Methods

Study design

To estimate the associations between HFMD and temperature and relative humidity, we used a case-crossover design and conditional logistic regression models [17]. The fixed 28-day-window case-crossover approach was used in this study and was recently used in previous studies of environmental health [18, 19]. Each HFMD case was defined as “case” in the matched case-control study. Each HFMD case in other weeks with the same calendar month and weekday when they did not get infection served as their own controls. Therefore, each HFMD case were compared to three or four controls within the same month. And the outcome in this study was a dichotomous variable with the “case” coded as “1” and the “control” coded as “0”. This design contrasts weather factors immediately before the HFMD cases onset to the weather factors of their own controls.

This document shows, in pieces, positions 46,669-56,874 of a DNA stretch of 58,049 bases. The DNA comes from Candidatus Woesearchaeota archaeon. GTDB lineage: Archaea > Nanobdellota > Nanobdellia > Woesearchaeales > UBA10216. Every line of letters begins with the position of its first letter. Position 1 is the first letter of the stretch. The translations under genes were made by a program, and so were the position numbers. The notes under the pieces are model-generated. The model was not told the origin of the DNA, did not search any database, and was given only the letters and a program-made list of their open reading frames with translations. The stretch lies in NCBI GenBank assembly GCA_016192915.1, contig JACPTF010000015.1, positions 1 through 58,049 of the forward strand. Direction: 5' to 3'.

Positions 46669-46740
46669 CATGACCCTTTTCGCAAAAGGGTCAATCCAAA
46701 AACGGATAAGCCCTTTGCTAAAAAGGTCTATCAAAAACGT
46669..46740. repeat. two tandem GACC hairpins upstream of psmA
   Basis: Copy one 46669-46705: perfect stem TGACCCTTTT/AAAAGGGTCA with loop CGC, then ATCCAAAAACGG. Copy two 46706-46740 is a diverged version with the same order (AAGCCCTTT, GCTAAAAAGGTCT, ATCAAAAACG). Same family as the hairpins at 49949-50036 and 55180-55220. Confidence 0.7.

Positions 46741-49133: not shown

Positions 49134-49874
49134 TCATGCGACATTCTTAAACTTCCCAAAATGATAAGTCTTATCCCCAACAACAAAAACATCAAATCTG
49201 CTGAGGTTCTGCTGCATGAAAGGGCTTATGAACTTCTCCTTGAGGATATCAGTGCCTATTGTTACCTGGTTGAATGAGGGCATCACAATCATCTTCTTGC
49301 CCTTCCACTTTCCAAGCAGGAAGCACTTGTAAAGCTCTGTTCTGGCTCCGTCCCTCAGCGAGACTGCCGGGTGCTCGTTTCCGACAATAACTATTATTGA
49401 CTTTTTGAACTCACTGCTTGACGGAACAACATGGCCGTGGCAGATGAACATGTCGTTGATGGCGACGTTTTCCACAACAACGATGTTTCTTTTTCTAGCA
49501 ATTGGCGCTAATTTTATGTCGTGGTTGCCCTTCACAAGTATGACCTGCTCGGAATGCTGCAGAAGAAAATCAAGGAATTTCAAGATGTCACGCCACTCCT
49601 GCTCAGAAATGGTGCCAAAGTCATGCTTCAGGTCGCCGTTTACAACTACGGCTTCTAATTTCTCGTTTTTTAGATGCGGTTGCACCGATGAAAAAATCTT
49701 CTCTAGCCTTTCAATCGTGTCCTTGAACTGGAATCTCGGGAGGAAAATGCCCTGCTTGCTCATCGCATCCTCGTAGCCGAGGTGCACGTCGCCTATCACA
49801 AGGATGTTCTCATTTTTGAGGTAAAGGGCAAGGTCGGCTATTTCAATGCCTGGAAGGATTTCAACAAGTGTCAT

Study population and HFMD cases data

Information on HFMD cases were obtained from the China Center for Disease Control and Prevention (China CDC), which we have used previously [3, 10]. HFMD has been included as a notifiable infectious disease since May 2008. Data on HFMD cases are collected in a legislatively mandated database, covering almost all cases in China [20]. HFMD data include patient information on the laboratory testing results and severity, as well as demographic characteristics including date of birth, gender, residential address, occupation, and onset information. Anyone who reports cases to the system must be strictly certified to ensure accuracy and completeness of data. We geocoded the residential address for all cases using the Geocoder service of Baidu Maps [21].

HFMD cases aged <18 years old with an onset date from January 1, 2009 to December 31, 2012 for residents of Guangdong were obtained. We then included all study subjects living within 10, 20, and 30 km (km) of any of the 36 weather monitoring sites in Guangdong (described below), leaving N = 100,669, 280,957, 490,497 available cases for analyses. Missing values in virus types and severity were recoded as “missing”. No missing data on other variables was observed for the HFMD cases data. This study was reviewed and approved by the Institutional Review Board at the School of Public Health, Sun Yat-Sen University.

Weather data